On a frosty Saturday morning in early December, Martin Stadium rings with the thud of tackles and calls for a pass. Football season ended two weeks before, so the voices on the field aren’t quarterbacks and safeties. They are the voices of the fly-half and fourteen other players on the WSU women’s rugby team facing off against Eastern Washington University.
In dark crimson jerseys with black letters and striped crimson-and-gray socks, the WSU women quickly take command on the snow-dusted field with strong team play and swift runners. Players pass the ball—roughly the same shape but larger than a football—run or kick as they advance down the field … until a tackle sends them sprawling, the ball gets dropped, and the game continues without pause. It slows down only after balls go out of bounds or for “scrums,” when players link together and work to free the ball for their team following a penalty.
The team plays well in the cold, skillfully executing passes, kicks, runs, and set plays like scrums, a familiar scene for the squad after their astoundingly successful season last winter. The WSU women’s rugby team took third in the nation in the 2008-09 season, after going undefeated in league play and cleaning up in the West Coast Regionals.
However, rugby is unfamiliar to many Americans. That was true for Michele Roseburg, the team president and a senior from Moses Lake, before she came to WSU. “I’d heard of rugby and thought it was just some funny sport they played in Europe.”
Most of the ruggers, like Roseburg, hadn’t played or even watched rugby before joining the team, making their rise to Division II national competition more impressive. “The whole time we were considered a dark horse,” says coach Leah Hammon, a senior from Longview. “We were the only west coast team, and we learned a lot just from watching high-caliber, Division I east coast teams.”
Team member Megan Bonny notes how many on the team were awed even at the regional championships. “We get to the field at Stanford and see how beautiful it is. Everyone is freaking out because there’s grass on the field—we’re not playing in mud or snow.”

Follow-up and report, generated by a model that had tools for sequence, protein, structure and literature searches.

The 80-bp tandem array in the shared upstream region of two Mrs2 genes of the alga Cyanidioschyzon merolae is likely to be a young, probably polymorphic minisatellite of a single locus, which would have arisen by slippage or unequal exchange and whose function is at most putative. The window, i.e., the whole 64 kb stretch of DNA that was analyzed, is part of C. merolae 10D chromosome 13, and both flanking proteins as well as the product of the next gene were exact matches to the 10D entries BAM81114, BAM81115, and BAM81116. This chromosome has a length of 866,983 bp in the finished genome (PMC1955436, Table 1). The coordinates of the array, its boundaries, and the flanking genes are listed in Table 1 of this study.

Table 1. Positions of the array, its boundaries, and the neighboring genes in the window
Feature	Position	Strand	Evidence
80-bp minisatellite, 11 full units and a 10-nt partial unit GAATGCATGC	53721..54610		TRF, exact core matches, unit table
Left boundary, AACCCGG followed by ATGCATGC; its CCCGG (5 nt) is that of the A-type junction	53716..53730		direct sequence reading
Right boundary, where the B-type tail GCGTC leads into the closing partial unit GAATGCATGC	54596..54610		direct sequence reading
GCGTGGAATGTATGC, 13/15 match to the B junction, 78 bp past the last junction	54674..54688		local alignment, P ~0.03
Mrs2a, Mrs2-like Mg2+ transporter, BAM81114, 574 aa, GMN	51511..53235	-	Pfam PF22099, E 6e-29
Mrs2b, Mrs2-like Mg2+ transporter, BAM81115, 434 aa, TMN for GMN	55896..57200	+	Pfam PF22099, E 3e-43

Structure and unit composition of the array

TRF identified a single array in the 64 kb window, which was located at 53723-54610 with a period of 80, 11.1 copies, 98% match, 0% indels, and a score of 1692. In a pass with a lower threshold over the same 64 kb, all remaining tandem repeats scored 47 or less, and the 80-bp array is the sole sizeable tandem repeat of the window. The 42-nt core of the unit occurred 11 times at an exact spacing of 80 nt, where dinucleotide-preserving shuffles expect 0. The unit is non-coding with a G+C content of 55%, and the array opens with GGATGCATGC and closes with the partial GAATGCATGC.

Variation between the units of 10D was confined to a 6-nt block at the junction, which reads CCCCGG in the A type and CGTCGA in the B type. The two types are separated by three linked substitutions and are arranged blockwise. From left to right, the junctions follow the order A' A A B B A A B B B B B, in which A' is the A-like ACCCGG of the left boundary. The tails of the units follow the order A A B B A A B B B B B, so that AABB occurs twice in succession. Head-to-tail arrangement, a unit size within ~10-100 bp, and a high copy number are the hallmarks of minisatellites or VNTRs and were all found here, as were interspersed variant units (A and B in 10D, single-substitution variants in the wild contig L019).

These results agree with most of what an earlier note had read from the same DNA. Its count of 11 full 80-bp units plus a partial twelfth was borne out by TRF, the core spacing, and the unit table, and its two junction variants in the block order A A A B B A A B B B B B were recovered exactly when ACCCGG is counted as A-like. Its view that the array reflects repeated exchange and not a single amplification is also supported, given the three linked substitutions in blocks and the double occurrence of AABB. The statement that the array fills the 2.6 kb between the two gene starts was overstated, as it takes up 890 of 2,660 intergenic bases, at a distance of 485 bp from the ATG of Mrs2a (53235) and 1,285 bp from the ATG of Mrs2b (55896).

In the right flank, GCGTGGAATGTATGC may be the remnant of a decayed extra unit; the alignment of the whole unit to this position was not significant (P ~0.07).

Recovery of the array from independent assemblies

Bonny plays inside center, a fast-paced back position, and her twin sister Alexis plays fly-half, another speedy running position. The sophomore from Yakima says, “Alexis and I had been to state competitions in other high school sports, but going to nationals took the level of play up a notch.”
Her teammate Erika Lund had played some rugby in high school, but it took some adjustment. “No matter how similar rugby is to other sports, it takes getting used to. After playing soccer all my life, once I got on the field for rugby I’d wonder ‘what is going on right now?’” says the junior from Tumwater.
I’ll confess I’ve never played rugby, and have watched it far less than football or even soccer.
Yet elements of the sport are familiar. Like its descendent American football, rugby is a sport of territory. Like soccer, rugby has relentless movement.
Here are the basics: Two teams of fifteen players each try to maintain or gain possession of the ball, moving it up the field with runs or kicks, and lateral or backward passes to keep the ball from falling into opposition hands. Teams get points from putting (or grabbing) the ball over the goal line and kicking goals. Defense can tackle, knock the ball loose, and impede the offense’s progress.
Here’s where it gets tricky. After a rule infraction—such as a forward pass—a scrum occurs. Eight players from both teams link arms and collectively push against the other team while the ball is rolled between them. Similarly, “rucks” and “mauls” involve team members literally joining together to gain possession of the ball. Play continues even after tackles.
“It’s really intense because it doesn’t stop,” says Roseburg. “There are no timeouts or breaks except half-time. Since the ball’s the line of play, you’re always focused on where it is, and where you need to be to support team members and advance the ball.”